Humanists should not pride themselves on unworldly nobility

The humanities can embrace certain forms of vocationalism without betraying their essential nature and value, argues Kevin Vanzant

December 5, 2019
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Almost everyone agrees that the humanities are in trouble. What to do next is a more difficult question.

Some of the key debates focus on vocationalism, where views often come down to conflicting notions of the humanities and how those working in the field should relate to the world. If we are a part of the world, then vocationalism is fine, even inevitable; but if instead we see ourselves as standing apart, then vocationalism becomes a problem, threatening the very thing that makes the humanities special. Here I want to draw on my own experience to argue that now, more than ever, we need to resist this simplistic dichotomy.

A leading voice in the opposition to a more pragmatic version of the humanities is Anthony Kronman, former dean of Yale Law School. In The Assault on American Excellence (2019), he pillories vocationalism and the damage done to the higher ideals of the humanities in its name. Where we used to ask questions such as “What makes a whole life honourable and fulfilling?”, he argues, we now focus only on what students “need to learn to become a successful lawyer or computer scientist”. He likens the influence of the vocational ideal in the humanities to “corrosive acid”.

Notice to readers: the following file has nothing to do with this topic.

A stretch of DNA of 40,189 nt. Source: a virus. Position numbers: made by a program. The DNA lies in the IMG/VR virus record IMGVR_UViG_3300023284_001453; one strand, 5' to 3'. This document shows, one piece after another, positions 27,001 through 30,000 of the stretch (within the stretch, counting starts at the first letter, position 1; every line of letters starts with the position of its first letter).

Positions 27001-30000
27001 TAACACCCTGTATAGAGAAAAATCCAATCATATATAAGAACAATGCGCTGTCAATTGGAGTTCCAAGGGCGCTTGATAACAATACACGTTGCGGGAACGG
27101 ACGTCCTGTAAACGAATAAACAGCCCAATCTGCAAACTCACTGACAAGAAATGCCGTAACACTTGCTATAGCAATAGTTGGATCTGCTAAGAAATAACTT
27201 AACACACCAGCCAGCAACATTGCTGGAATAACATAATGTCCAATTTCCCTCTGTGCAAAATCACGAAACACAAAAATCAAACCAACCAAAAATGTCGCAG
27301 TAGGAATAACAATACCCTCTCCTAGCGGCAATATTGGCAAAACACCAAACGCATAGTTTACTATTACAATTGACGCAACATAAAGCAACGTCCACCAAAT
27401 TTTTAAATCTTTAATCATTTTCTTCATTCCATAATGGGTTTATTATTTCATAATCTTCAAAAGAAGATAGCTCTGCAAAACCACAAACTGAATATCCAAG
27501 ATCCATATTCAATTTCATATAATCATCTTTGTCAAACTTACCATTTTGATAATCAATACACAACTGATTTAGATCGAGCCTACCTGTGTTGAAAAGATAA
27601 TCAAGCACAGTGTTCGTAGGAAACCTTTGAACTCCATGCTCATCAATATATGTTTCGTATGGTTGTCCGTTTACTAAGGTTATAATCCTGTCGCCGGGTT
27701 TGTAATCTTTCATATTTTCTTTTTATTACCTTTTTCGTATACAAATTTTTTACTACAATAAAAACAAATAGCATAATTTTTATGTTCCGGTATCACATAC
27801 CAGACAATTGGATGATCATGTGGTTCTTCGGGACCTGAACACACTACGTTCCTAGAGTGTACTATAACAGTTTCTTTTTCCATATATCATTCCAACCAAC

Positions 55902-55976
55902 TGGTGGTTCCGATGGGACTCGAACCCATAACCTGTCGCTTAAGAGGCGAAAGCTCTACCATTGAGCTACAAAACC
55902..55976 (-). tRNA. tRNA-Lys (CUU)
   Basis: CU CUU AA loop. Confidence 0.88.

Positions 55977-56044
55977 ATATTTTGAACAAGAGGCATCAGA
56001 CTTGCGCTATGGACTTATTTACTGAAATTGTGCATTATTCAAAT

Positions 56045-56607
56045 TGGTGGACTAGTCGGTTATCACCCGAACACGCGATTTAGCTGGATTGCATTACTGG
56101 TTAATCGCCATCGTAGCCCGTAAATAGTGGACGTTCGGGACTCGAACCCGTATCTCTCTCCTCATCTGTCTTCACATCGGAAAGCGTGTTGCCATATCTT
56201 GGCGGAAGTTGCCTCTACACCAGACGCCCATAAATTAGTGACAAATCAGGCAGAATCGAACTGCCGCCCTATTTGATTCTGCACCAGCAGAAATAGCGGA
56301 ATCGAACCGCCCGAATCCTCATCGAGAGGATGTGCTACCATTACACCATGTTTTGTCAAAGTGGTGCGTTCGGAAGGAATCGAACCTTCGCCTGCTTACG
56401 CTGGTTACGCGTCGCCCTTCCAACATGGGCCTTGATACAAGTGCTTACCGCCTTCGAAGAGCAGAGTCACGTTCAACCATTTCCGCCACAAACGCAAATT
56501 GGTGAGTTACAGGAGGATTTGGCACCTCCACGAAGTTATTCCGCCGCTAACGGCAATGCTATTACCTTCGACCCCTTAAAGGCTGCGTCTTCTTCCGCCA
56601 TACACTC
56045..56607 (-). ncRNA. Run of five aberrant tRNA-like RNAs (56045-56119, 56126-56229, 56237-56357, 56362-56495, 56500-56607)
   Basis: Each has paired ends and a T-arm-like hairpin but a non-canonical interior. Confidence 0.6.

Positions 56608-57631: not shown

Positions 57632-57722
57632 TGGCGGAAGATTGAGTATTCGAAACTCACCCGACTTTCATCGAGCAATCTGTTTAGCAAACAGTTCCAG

Kronman’s case is bombastic, but hardly a fringe position. In his critical review of the book, Michael S. Roth, president of Wesleyan University, disagrees with much of what Kronman has to say about the central and controversial issue of diversity. But on the negative consequences of the pragmatic turn in the humanities, they agree. “Vocationalism and the tendency to cater to students as consumers”, Roth writes, “are much greater threats [to academic excellence] than political correctness.”